Sun, Mar 05, 2017 - Page 7 News List

The economy has bounced back, but workers are not seeing the benefits

The boost to Australia’s latest GDP figures has come from commodity prices and is not trickling down into higher wages

By Greg Jericho  /  The Guardian

Illustration: Louise Ting

The latest Australian GDP figures are a prime example of the great divergence of major economic indicators and the reality that most people feel after strong economic growth in the December quarter last year failed to translate into growth for workers’ wages.

Australian Treasurer Scott Morrison would have breathed a small sigh of relief when the figures were released by the Australian Bureau of Statistics on Wednesday. While there was little expectation that the figures would be bad, had the economy gone backward in the quarter Australia would have been in a “technical recession” (that most silly of phrases) given the September quarter last year saw the economy shrink 0.5 percent.

The December quarterly growth of 1.1 percent in seasonally adjusted terms was well above expectations and enabled Morrison to talk of how “Australia is growing faster than every G7 economy.”

And certainly 1.1 percent quarterly growth is very strong, but before we turn up the music and start dancing in wild celebration, we should have a closer look, and a deep breath.

First, a big reason for the strong growth is because the figure is a comparison with the September quarter: December looks good purely because September was so bad.

It is why the trend and seasonally adjusted figures tell rather different stories. In trend terms, the economy grew just 0.3 percent in the December quarter.

In the annual figures — which enable us to do more than just compare one bad quarter with one good one — we see the picture is pretty uninspiring.

In seasonally adjusted terms, the economy grew by 2.4 percent last year, well below the long-term average and in trend terms it grew by just 1.9 percent, which is actually the worst annual growth since during the Global Financial Crisis (GFC).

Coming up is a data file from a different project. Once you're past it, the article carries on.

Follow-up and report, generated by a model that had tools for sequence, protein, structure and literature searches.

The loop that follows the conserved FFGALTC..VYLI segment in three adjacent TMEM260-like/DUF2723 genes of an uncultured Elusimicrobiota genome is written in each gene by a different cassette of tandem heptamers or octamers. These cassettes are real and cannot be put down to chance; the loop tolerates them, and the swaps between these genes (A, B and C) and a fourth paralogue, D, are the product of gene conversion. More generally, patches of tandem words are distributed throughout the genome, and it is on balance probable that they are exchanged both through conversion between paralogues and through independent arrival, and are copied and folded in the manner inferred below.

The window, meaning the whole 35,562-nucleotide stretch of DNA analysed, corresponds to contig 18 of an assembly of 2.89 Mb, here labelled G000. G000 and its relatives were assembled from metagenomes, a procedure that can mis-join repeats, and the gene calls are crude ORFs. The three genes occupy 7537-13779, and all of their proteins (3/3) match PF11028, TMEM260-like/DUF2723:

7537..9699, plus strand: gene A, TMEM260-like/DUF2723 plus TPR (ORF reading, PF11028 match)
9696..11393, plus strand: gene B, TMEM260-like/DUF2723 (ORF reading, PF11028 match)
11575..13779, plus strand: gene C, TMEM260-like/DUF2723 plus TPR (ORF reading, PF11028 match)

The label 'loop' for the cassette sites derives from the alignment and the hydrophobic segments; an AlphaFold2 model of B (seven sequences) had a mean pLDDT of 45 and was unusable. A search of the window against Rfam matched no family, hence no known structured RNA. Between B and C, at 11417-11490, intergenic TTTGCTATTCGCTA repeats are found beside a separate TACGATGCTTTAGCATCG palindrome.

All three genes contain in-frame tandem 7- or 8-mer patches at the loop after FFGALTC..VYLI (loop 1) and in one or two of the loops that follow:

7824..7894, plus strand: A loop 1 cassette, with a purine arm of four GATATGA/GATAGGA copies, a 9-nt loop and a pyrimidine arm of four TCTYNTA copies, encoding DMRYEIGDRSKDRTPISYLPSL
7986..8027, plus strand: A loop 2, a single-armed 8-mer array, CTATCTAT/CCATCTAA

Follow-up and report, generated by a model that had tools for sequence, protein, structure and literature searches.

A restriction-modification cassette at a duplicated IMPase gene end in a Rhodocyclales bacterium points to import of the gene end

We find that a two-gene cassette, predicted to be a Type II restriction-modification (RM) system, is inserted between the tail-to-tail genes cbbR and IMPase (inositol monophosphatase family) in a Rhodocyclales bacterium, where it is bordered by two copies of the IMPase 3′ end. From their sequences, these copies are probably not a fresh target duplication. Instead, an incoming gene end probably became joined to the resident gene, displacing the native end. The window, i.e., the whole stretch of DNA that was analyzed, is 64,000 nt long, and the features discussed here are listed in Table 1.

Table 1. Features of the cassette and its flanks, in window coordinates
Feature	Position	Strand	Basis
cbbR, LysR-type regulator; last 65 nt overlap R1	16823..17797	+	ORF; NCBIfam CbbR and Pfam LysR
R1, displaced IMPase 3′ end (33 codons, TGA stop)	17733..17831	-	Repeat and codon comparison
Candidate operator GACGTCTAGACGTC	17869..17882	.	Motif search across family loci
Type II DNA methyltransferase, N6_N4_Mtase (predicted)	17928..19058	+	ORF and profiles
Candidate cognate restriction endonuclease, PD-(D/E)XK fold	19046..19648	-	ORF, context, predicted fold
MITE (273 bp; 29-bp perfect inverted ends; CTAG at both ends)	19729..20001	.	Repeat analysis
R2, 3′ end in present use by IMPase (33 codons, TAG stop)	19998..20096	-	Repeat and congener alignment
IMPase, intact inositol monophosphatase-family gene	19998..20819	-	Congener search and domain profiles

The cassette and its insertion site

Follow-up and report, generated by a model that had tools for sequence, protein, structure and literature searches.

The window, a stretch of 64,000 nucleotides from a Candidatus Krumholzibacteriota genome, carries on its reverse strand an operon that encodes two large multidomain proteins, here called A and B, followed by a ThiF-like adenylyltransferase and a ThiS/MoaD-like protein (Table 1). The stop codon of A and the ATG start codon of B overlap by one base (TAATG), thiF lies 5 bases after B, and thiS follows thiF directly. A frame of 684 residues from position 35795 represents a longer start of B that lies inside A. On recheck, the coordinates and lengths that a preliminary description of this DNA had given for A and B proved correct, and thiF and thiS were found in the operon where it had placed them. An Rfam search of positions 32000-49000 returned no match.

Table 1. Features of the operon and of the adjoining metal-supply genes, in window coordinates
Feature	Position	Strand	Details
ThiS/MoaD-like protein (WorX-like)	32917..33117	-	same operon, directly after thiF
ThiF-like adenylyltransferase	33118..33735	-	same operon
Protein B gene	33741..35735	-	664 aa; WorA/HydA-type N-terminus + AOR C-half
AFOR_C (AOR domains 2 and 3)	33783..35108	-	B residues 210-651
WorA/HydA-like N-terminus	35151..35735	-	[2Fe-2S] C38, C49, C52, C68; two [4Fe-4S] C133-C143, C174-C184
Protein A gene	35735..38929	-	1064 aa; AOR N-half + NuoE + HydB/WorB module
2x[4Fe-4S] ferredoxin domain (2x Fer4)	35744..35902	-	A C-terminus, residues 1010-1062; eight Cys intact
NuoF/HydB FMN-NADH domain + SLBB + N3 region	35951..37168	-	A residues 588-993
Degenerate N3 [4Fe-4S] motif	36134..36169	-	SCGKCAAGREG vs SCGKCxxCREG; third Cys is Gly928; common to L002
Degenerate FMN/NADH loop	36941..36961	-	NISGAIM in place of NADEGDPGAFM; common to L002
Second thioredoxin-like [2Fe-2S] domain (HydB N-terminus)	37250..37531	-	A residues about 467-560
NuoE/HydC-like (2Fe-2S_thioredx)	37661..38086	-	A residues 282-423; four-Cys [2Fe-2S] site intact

Thus the story Morrison is able to tell is due quite a bit to the convention that we report the seasonally adjusted figure as the big number rather than the trend figure.

Seasonally adjusted figures can be a bit weird at times and not completely reflective of the true state of the economy.

In the December quarter the big contributions to growth were household consumption, exports and public investment: The public investment was due to spending on the second National Broadcasting Network satellite, as well as defense aircraft procurements.

The growth of exports is not unexpected, but again shows the erratic nature of seasonally adjusted figures, given the past two quarters saw net exports detract from growth: The growth in household spending is a bit odd given that in the December quarter the big driver was on luxury type items, such as household furnishings and recreation and culture.

However, the annual figures are more understandable — rent, insurance and health being the big drivers of household spending. And while consumption remains a key component of our economic growth it remains well down on the levels the occurred prior to the GFC.

A closer look at the national accounts explains why, because the real story of the GDP figures is how nominal growth has taken off and how wages have not.

Nominal GDP grew by 3 percent in the December quarter alone — the strongest increase in one quarter since June 2010.

The annual growth of 6.1 percent in seasonally adjusted terms and 5.2 percent in trend terms is the best for more than five years.

This story has been viewed 3501 times.

Comments will be moderated. Keep comments relevant to the article. Remarks containing abusive and obscene language, personal attacks of any kind or promotion will be removed and the user banned. Final decision will be at the discretion of the Taipei Times.

TOP top